Environmental Protection Authority v Aargus Pty Ltd; Kariotoglou; Kelly  NSWLEC 19
Aargus Pty Ltd (Aargus) and two of its employees were convicted for failing to disclose the presence of asbestos in a stockpile of soil that was classified as waste, in a recent decision of the Land and Environment Court of NSW.
Aargus, Mr Kariotoglou, the Project Manager, and Mr Kelly, the Environmental Manager, pleaded guilty to charges of breaching the Protection of the Environment Operations Act 1997 (NSW) (POEO Act), by supplying false or misleading information regarding waste – in this case, waste containing asbestos. All were convicted and Aargus was fined $30,000. Mr Kariotoglou was fined $9,000 and Mr Kelly was fined $3,000. The EPA's legal costs were apportioned by Justice Craig, with Aargus required to pay 50% of the costs, Mr Kariotoglou responsible for 30% and Mr Kelly for 20%. Additionally, a clean-up notice was issued, and the site had to be remediated, at significant cost.
Aargus was also required to publish a public notice in the monthly Waste Management Environmental Magazine, stating that Aargus had been convicted of supplying false information about the classification of waste, the penalties imposed upon it and its employees and a summary of facts giving rise to the offences.
Aargus is an Australian company that provides an integrated environmental management service. Mr Bonadio, the owner of land at Oakville, New South Wales (Property), engaged Aargus to report on the waste classification of stockpiled materials that Mr Bonadio wished to use for landscaping.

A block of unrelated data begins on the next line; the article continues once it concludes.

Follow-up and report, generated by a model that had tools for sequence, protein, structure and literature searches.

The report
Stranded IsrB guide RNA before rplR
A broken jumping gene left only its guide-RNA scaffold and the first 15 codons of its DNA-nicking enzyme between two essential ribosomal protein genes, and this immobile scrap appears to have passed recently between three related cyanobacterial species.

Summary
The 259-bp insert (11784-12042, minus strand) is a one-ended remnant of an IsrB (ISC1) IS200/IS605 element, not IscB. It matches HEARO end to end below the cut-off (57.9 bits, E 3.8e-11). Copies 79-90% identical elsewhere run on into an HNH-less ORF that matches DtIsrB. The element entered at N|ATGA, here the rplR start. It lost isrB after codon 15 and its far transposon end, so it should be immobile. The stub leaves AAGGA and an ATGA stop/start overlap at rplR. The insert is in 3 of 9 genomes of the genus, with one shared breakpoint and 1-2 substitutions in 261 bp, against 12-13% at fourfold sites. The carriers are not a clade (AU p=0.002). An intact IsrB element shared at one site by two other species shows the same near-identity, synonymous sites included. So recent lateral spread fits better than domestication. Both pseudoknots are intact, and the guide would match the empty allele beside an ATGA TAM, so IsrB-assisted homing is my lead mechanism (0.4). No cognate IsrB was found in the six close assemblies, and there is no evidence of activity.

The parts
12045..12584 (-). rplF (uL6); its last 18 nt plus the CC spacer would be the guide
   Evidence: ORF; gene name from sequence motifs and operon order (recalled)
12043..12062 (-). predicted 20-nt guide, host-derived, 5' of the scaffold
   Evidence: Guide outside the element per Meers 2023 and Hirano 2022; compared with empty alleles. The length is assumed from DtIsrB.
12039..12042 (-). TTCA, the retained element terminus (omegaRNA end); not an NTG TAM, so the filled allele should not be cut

Mr Kariotoglou, the Project Manager, inspected the stockpiled material on 5 October 2010 and found two pieces of fibro cement lying on the surface, which he suspected to contain asbestos. Mr Kariotoglou collected both pieces, placed them in plastic bags and took them to the Aargus' office for disposal. Two soil samples from the stockpile were taken and sent for laboratory analysis. No asbestos was found in that analysis.
Once Mr Kariotoglou received the results of the soil analysis, he prepared and signed both the Soil Classification Report (Report) and Asbestos Clearance Certificate (Certificate). Relevantly, the Report and Certificate stated that no asbestos materials were observed. Mr Kelly, the Environmental Manager, reviewed and signed both documents. At the time, Mr Kariotoglou informed Mr Kelly that two pieces of fibre cement had been removed from the stockpiled material before inspection was finished. On 14 October 2010, Aargus issued the Report and Certificate to Mr Bonadio.
The material (containing asbestos) was stockpiled at the Property. On 21 October 2010, the Property was inspected by Hawkesbury City Council officers. After raking through the surface of the materials, the Council officers discovered several pieces of suspected asbestos –containing fibro material. The Council officers requested that Mr Kariotoglou prepare a remediation report, making recommendations on the removal of soils and material containing asbestos from the Property. Subsequent laboratory analysis of the suspected asbestos material revealed the presence of amosite and chrysotile asbestos. A draft clean-up notice was issued and all imported material was removed from the Property, at significant cost.
Breach of the POEO Act
Under section 144AA of the POEO Act it is an offence to supply information, or cause or permit information to be supplied, "that is false or misleading in a material respect about waste, to another person in the course of dealing with the waste". Both the Report and Certificate contained false information by stating that there was no asbestos or suspected asbestos observed in the waste material.
Justice Craig found that Aargus, Mr Kariotoglou and Mr Kelly all contributed to the preparation and provision of the Report and the Certificate - and therefore to the supply of false information about the waste to Mr Bonadio.